Every January at Postconsumers, we take the idea of a New Year’s resolution seriously and we focus an entire month of content on a resolution our staff has picked for the year. Past years’ topics include going on a media diet, de-cluttering and last year’s topic of learning to separate emotion from “stuff.” This year, there was a tight competition between two topics, but at the end of the day we decided to focus on the ways that you can spend less by learning to let go of society’s addictive consumerism. So this January, we hope to improve both your bottom line and your mental health.

Why Did We Choose This Topic?

As always, we’re trying to find a balance between wanting to encourage individuals to find their own definition of the satisfaction of enough and motivating people to realize the dangers of addictive consumerism and the grasp that it has on most people in the U.S. For many people, realizing the stress and emotional toll that our culture’s addictive consumerism is having on them is a journey that they need to already be traveling before the realities of the heaviness of our national disease hit them. The starting point of that journey often has to be a more tangible goal with more immediate need than the beauty of the satisfaction of enough. We don’t know many people who aren’t actively trying to tighten their budgets a bit and do a better job at saving money and spending less. The benefit of separating yourself from addictive consumerism is that you’ll have a much easier time controlling your money! So we felt that this topic actually helps people with a resolution they know that they have – better budget control – and a resolution they may not realize that they have – better mental health!

The Budget Aspect: Why It’s a Great Resolution

We love the idea of tying this year’s resolution and goal into budget control because it’s a skill that so many people haven’t had a chance to focus on or learn in their lives. For many people in the current generation, their first foray into adult life came already saddled with gigantic student debt, they were influenced by the all-time consumer generation of the Baby Boomers, and the explosion of easy credit made it equally easy to never have to learn to live within their means. We’re not saying that this applies to every person, but we know that there’s still a very real credit and debt crisis in America, and budgeting and saving is still a skill set that people aspire to master. We hope to help them do that by using a fairly specific context for getting your budget under control.

The “Stuff” Aspect: Why It’s a Great Resolution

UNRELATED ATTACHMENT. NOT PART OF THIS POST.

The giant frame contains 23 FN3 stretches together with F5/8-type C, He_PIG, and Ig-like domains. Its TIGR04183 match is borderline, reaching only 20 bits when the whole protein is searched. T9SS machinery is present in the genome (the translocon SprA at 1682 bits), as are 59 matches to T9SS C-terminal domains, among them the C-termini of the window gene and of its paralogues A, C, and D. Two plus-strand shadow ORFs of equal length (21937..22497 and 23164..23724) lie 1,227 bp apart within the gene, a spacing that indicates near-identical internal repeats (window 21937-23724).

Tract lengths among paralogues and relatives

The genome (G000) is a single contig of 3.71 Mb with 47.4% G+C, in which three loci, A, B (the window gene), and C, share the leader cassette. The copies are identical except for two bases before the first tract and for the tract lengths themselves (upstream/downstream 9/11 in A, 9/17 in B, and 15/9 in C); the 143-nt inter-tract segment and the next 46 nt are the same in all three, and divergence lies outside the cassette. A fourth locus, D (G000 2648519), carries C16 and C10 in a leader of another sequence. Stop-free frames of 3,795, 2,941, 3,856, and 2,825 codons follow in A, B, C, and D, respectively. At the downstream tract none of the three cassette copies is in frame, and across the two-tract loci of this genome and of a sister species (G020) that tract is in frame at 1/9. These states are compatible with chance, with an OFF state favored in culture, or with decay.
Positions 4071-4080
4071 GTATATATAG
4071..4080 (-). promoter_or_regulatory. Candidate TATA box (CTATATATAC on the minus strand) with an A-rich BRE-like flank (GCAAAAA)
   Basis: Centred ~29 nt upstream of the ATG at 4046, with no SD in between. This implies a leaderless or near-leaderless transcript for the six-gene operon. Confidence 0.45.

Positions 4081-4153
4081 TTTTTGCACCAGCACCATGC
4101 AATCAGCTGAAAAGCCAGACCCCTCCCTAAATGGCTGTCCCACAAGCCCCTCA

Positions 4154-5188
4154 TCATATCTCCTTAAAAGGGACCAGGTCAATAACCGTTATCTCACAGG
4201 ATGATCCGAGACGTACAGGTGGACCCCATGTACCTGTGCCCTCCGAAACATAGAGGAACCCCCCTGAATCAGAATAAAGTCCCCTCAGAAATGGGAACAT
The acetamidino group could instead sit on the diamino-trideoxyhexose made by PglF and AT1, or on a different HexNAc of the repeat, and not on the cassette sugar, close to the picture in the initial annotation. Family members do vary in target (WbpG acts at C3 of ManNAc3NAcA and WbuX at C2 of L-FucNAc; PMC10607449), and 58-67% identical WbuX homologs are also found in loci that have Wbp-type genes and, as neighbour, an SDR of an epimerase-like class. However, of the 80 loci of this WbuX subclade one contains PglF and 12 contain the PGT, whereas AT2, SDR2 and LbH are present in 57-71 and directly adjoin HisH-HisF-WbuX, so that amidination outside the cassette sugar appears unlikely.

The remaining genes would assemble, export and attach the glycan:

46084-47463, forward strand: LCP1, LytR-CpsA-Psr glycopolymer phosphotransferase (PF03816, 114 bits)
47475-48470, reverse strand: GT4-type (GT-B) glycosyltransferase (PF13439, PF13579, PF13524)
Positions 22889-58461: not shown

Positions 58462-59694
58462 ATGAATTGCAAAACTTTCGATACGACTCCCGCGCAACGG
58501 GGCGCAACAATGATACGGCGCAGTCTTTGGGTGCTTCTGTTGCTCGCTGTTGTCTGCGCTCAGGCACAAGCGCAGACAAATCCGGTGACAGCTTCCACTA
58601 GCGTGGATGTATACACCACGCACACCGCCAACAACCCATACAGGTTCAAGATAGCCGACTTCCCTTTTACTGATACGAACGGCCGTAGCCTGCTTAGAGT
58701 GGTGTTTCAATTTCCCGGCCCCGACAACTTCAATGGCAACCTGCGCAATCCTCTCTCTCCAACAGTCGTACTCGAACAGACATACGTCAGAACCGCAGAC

Somewhat obviously, if there’s one thing that we believe in with a passion here, it’s that’s learning to let go of “stuff” as a mental or emotional driver and identifying where your level of enough exists is a key to happy living. We frankly thought that might be a hard pitch as an annual resolution because it’s such an enormous topic with such a long journey at the front end, but we’re excited to help get you started on that journey while we work on financial goals and budgeting skills.

What Can You Expect to See The Month?

We always spend one of our favorite brainstorm sessions of the year creating the topic matter for each year’s resolution month. Here are the nine articles you can expect to see this month in support of helping you to achieve this goal.

  • The Individuality of Defining How Much Spend is Too Much Spend
  • How to Get Started with Figuring Out How Much of Your Budget is Caused by Addictive Consumerism
  • Budget Creation and Tracking Tips 101 for the Postconsumer
  • Tips for Setting Realistic Budget Goals and Incentives
  • Your Budget is Fine, But Your Happiness Level Isn’t. What To Do?
  • Taking the Hard Line: Learning to Just Say No and Tips for Other Alternatives to “Stuff”
  • Project: Make a List of Your Unnecessary “Stuff” Purchases Over 6 Months
  • Project: Create a Short Term and Long Term Budget
  • Quiz: Why Do You Overspend on “Stuff?”

Useful Resources to Support This Goal

This month won’t be the first time that we’ve talked about budgeting and finances at Postconsumers. In fact, we have an entire small library of articles on the topic. If your resolution and goal for 2017 (or any year for that matter) has to do with getting your budget under control, then we think that these specific resources may be a great place to get started.

As always, we’ll be discussing and updating this goal and topic on our social media channels, which you can follow at the links below.

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